M A I N   N E W S

Varsities with focus on minorities mooted
Aditi Tandon
Tribune News Service

New Delhi, January 14
If all goes well, the country could soon have a new model of central universities that offer preferential admission to students from minority communities. Presently, no central university makes such a provision.

But a new proposal from the Ministry of Minority Affairs seeks to do that. Forwarded to the law ministry for vetting, the proposal explores a central university model in public-private partnership mode (instead of total central funding), to come up on land donated by the Wakf Board in Rajasthan, Bihar and Karnataka.

The proposed universities would come up at Ajmer, Kishanganj and Mysore, and would offer admission to both majority and minority students, with the latter getting a major share of seats for the simple reason that the land for these universities will be given by the Muslim community.

Among all minorities, Muslims, who make up for 85 per cent, are proposed to get the largest share of seats in the new varsities.

The concept has been borrowed from Dr BR Ambedkar University, which came up to educationally empower SC students, Minister of Minority Affairs Salman Khursheed said on Tuesday.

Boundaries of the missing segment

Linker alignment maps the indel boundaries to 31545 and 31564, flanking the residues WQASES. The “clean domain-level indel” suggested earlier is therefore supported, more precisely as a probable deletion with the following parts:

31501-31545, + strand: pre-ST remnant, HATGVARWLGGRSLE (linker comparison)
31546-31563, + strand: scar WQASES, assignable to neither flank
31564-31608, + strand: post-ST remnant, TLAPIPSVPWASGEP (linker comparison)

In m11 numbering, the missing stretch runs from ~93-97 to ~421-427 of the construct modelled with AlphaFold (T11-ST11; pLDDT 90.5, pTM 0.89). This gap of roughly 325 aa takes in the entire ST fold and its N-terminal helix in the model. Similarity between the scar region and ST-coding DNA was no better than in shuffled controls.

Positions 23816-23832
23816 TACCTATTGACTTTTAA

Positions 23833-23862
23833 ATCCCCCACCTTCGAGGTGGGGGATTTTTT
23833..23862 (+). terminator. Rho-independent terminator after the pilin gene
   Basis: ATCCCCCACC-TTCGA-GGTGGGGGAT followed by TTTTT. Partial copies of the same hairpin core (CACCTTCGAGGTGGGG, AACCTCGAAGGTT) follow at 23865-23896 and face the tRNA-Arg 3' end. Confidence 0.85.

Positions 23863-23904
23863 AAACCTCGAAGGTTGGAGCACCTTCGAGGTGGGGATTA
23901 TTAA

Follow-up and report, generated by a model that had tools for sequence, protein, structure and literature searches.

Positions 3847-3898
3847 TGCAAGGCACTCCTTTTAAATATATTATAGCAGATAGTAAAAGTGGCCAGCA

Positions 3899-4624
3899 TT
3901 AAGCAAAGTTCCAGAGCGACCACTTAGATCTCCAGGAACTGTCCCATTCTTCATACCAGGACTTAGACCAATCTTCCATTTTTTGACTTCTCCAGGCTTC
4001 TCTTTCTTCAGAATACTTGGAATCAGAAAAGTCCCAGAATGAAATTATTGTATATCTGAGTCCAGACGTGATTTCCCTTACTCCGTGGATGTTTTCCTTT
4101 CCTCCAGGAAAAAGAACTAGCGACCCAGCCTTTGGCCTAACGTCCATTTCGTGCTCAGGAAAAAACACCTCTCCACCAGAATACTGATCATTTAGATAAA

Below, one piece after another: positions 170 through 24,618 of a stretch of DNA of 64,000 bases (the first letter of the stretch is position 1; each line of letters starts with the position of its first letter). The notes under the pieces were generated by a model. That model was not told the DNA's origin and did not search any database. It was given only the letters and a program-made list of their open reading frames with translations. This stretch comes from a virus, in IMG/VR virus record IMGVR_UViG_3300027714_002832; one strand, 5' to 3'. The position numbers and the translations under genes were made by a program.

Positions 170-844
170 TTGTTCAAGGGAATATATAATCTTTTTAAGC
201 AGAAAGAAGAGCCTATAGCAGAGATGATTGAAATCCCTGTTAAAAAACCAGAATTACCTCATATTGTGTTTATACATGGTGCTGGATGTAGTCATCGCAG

“Just like the Ambedkar University that offers extra reservation to SC students beyond the existing reservation limit of 49.5 per cent, the proposed central universities will offer preferential treatment to minorities, as recommended by Justice Sachar who wanted more avenues for the educationally and economically backward,” Khursheed told The Tribune.

In making this new proposal, the ministry appears to bypass the Supreme Court, which is yet to rule on the status of Aligarh Muslim University (AMU) as a minority institution.

The status of AMU is under dispute as the varsity came up under an act of legislature and does not conform to the requirements under Article 30 of the Constitution that allows the minorities to establish and manage minority institutions.

“The government has two options - either wait for the Supreme Court to give a judgement or find a new legal window to set up central universities which can help the minority students, who are already educationally deprived,” Khursheed said.



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